It comes as no surprise that the news that Georgia is reopening some non-essential businesses such as beauty shops and barbershops in the midst of a pandemic, is being met with much opposition. One vocal opponent is Stacey Abrams, who ran against Gov. Brian Kemp in 2018 and lost, who has gone on the record to say that none of this “makes any sense.”
On Wednesday, Abrams told The View that these numbers that Kemp’s cites that prove that “flattening the curve,” are being dangerously misinterpreted.
“The mayors of our largest cities have all expressed deep concern as have our scientists. Georgia is not flattening the curve. We have one of the highest rates of infection and one of the lowest rates of testing,” Abrams said.
“This makes no sense and it doesn’t improve our economy. It simply puts more Georgians at risk.”
As we previously reported, on Monday, Kemp announced during a press conference that certain businesses such as hair salons, barbershops, tattoo parlors and gyms will reopen in his state on April 24; while movie theaters and bowling alleys will open on the 27. He is allowing for elective surgeries to take place as well.
Citing that he sought guidance from President Trump, he stressed that this reopening is geared to help small businesses that are suffering in this rocky economy due to the stay-at-home and quarantine orders.
“We appreciate their leadership and share in the President’s desire to reopen the economy and get Americans back to work, adding, “As a small business person for over thirty years, I know the impact of this pandemic on hardworking Georgians in every zip code and every community.”
However, Abrams, also a former small business owner, stressed that these entrepreneurs are even more vulnerable—physically and fiscally—to this deadly pandemic.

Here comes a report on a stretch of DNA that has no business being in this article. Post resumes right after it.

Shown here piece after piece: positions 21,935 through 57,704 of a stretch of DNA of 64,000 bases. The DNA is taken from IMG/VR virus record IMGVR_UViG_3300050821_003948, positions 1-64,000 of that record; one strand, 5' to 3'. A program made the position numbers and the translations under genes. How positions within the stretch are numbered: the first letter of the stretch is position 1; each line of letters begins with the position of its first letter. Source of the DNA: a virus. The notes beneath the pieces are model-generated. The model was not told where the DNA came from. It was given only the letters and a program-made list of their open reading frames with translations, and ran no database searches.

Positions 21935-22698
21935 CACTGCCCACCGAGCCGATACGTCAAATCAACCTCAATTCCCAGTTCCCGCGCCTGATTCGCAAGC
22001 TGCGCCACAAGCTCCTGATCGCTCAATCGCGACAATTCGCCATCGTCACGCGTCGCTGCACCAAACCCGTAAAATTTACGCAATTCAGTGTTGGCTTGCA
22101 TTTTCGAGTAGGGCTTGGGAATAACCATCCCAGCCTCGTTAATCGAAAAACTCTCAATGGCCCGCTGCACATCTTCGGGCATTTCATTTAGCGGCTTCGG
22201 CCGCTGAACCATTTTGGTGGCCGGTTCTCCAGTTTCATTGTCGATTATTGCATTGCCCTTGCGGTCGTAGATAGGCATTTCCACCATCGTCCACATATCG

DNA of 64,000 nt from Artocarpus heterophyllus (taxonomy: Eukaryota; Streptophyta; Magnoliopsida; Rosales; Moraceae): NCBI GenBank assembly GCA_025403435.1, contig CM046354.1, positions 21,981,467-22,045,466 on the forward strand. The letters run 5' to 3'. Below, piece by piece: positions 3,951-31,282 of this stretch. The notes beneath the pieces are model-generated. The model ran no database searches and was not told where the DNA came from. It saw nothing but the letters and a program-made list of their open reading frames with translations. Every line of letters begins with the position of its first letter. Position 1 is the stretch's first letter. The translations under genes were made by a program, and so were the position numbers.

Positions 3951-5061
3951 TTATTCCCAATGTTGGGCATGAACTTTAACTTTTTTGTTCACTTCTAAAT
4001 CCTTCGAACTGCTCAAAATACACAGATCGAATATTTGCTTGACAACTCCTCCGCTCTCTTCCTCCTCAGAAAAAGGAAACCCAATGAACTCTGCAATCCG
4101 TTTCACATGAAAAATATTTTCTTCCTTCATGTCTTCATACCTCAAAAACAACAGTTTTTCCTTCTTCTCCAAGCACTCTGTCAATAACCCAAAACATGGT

“What I know as a former small business owner is that the people who are going to be sent to the front lines are the people who are the least resilient,” she said. “They likely don’t have health insurance. They probably won’t have protective equipment. But most importantly, they can’t afford to say no if they’re told to go back to work.”
In the end, Abrams says that Kemp is “prioritizing the potential of the economy” rather than the lives of the people in the state he swore to protect and serve.
Abrams isn’t the only high-profile Georgian to speak out against Kemp in the past few days.
“I didn’t know it was coming and obviously the governor is the governor and he certainly has the prerogative to make orders that he deems appropriate. He did not consult with me. I don’t know what the reasoning and data that the governor used to make this decision was, because I have not spoken with him, but I did not know in advance.”
The second Black female mayor of Atlanta also questioned how safe can one be being so close to someone in these types of settings.
“You get your hair done, I get my hair done. I don’t know how you socially distance when someone is doing your hair or doing your nails, giving you a massage. These things are concerning to me, Bottoms said. “I do hope that I’m wrong and the governor is right. Because if he’s wrong, more people can die.”
In Kemp’s desire to jumpstart the state’s economy, it is important to note that in the state of Georgia, there have been nearly 20,000 confirmed cases of coronavirus with more than 800 deaths. Past Georgia Department of Public Health (DPH) found that while African-Americans, who account for roughly 32 percent of the state’s population, make up nearly 54 percent of these deaths.
We definitely know that for Black hairstylists, barbers and nail technicians in the state, this move could bring in a much-needed income, but is this worth the risk? Should you have to choose between making ends meet and jeopardizing your life?
BEAUTIES: Do you agree with Gov. Kemp’s strategy to reopen some non-essential businesses in the state of Georgia?